Filipino-American JR Celski bagged his second bronze medal in the Vancouver Winter Olympics after the United States finished third in the 5000m short-track speed skating relay Saturday at the penultimate day of the quadrennial event at the Pacific Coliseum.
The 19-year-old Celski, whose mother is a full blooded Filipina who hails from Isabela, joined Simon Cho, Travis Jayner and Apolo Anto Ohno in the crack US Team which clocked 6:44.498 to finish third in the racing event topped by Canada (6:44.224) followed by Korea (6:44.446).
Celski, who grew up living around a Filipino community, made a big impact at the opening of the Games when he won his first bronze mint in the 1,500m individual event despite being only on his first stint.
Fighting out of Federal Way, Washington, Celski, who boasts of three stars and a sun (resembling the Philippine flag) nearly captured his second medal last time when he reached the semifinal of the 1,000m event, but was disqualified when he accidentally bumped off a Canadian rival in the final lap.
The 5-foot-8 Celski, a self-confessed Manny Pacquiao fan said he’s proud to have a Filipino blood in him, saying: “I hope the Filipino community knows that I’m also carrying them in the Winter stage.”
First-time Olympian J.R. Celski represents the next great hope for U.S. short track. After a breakthrough performance at the 2009 World Championships, where he won four medals and finished second overall, Celski is one of the top contenders in Vancouver. Celski joins superstar Apolo Ohno in facing a formidable South Korean men’s team that took six medals in Torino – including three of a possible four golds. Celski is one of the most aggressive skaters on the ice, a style that can result in wins or disqualifications, as it did at the 2009 Worlds. He took gold in the non-Olympic 3000m, and was DQ’d in the 500m quarterfinals for a reckless pass.
Despite a serious injury that ended his Olympic trials, Celski earned a spot on the 2010 Olympic team in the 1000m and 1500m. On the final night of competition, he hit the boards coming out of a turn in the 500m quarterfinals and sliced his left leg with the tip of his other blade. The cut, about six inches long and two inches deep, was just above his knee. Celski was ushered directly to the local hospital where he underwent surgery. He then went to Salt Lake City for a consultation with five-time Olympic gold medalist and orthopedic surgeon Dr. Eric Heiden. Though he is still unsure when he will return to the ice, Celski is confident he will be in shape for Vancouver.
Ties to Ohno
A native of Federal Way, Wash., Celski had early ties to Ohno, who hails from the same Seattle suburb. Celski’s older brother, Chris, grew up skating with Ohno. Though J.R. was just 3 years old when he started inline skating, he got to know Ohno as he rose through the ranks. Celski, decided take up short track after watching Ohno win gold at the 2002 Games in Salt Lake City. Though comparisons to Ohno are inevitable, Celski says, “At first I liked it, but I’m my own person, just like everybody else.”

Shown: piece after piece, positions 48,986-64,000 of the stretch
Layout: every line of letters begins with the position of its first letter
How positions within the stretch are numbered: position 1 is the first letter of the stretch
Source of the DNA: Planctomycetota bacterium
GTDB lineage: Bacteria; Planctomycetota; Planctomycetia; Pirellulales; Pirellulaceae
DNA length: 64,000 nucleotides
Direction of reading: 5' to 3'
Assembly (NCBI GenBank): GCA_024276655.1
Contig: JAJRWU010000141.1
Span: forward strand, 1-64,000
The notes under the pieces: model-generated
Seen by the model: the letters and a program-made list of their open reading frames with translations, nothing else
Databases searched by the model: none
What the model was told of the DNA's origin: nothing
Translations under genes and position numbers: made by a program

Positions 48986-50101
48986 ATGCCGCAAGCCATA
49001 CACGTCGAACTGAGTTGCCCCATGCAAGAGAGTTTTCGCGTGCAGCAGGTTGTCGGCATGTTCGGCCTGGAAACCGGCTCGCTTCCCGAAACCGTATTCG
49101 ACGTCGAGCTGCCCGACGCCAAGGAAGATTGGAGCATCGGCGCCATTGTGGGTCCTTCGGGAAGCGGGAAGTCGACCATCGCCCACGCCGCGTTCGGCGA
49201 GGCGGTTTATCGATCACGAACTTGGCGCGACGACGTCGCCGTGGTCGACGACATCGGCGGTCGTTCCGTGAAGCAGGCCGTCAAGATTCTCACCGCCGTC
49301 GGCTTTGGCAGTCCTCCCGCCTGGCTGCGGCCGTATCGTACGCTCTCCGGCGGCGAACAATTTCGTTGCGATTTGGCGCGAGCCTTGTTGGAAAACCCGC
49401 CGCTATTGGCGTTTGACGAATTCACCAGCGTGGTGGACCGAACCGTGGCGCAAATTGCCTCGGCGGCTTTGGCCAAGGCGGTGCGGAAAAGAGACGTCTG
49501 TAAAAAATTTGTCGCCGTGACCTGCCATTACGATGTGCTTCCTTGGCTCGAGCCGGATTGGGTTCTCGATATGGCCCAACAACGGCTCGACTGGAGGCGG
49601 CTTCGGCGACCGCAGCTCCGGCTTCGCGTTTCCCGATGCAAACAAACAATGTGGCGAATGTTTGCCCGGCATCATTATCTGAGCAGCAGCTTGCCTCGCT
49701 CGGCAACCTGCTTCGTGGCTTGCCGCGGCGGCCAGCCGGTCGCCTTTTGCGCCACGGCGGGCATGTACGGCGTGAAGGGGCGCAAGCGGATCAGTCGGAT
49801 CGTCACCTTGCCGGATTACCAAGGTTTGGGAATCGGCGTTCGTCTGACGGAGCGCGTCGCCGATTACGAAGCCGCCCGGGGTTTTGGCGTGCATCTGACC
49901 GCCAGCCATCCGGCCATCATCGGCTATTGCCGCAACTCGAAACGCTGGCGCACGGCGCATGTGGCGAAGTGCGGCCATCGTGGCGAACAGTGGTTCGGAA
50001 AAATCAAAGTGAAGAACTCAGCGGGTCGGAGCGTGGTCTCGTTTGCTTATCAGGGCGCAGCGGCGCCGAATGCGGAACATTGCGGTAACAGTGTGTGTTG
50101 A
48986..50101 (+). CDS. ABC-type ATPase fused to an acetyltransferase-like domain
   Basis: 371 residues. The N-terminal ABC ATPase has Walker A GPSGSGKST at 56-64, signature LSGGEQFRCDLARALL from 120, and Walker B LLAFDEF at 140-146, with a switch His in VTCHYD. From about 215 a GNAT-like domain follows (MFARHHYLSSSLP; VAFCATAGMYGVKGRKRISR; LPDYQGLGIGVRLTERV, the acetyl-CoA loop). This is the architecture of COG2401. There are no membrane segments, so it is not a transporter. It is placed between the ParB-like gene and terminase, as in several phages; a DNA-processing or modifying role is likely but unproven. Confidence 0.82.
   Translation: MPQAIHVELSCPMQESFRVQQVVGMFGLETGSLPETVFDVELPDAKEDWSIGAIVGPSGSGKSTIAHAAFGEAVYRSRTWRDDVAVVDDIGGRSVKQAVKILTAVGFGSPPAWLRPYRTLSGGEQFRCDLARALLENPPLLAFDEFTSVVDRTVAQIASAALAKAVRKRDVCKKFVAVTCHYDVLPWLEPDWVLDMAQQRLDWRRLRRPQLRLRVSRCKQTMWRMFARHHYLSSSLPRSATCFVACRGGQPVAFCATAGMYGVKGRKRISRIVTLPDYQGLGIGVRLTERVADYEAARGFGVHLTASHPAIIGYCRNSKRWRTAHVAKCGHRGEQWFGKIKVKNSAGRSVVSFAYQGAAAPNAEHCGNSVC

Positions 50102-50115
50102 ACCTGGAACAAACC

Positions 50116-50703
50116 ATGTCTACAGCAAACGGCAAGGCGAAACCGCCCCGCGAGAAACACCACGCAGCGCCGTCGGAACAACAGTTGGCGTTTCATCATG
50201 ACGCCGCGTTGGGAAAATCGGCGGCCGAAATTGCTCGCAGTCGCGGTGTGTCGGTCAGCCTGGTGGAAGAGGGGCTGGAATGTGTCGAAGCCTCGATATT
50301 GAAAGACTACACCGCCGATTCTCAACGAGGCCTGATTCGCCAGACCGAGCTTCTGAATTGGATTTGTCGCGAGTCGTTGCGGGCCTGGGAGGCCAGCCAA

Rise at the top
Celski likely could have qualified for the 2006 Games in Torino, but at 15 he missed the age requirement by 17 days. In the four years since, he has gone from a promising young talent to an elite-class skater. With his second-place finish at the 2009 Worlds, he proved to the world and himself that he could compete at the top level. “It was a breakthrough season for me mostly mentally because I had a block there,” Celski said. “For a while I wasn’t able to perform under the circumstances. And I was young and I was small, but now, I am one of the best.”
At age 14, when Celski had been skating short track for about a year, his family decided he should move in order to get the best coaching. His parents, Sue and Bob, weren’t able to leave their jobs in Washington, so his brother Chris moved with him to Long Beach, Calif., where J.R. worked with world-renowned Dutch coach Wilma Boomstra. Chris, who had just graduated from San Jose State, found an apartment for them to share and got a job in the area. J.R. spent his first two years of high school in Long Beach before moving back home for his junior year. But it didn’t last. “I decided something wasn’t right, so I moved back to California to keep skating,” Celski said.
Back to Long Beach
For his second move to Long Beach, Celski’s dad came along, while his mom remained in Washington, where she works as a manager at the grocery store Safeway. Celski says he was inspired by his family’s willingness to sacrifice for his career. “There is not one word that can describe what my family has been to me,” he said. “Dedication and sacrifice don’t even cover it because they have done what most parents would think would be crazy.” His father was a vice president of Jiffy Lube Corp. in Washington, and now has his own business. Celski’s other brother, David, is a first lieutenant in the Army.
Celski graduated from Lakewood High School in California in 2008 with a 3.71 GPA. He has deferred enrollment at Cal-Berkeley until after the Vancouver Games, likely in the fall of 2010, and wants to study business or architecture. His decision to put off school came on the advice of an English teacher, who said, “School is a place, the Olympics float in time.” When Celski is not training, he plays the guitar and listens to music, and lists the Roots, Mos Def and Arcade Fire as a few of his favorite artists.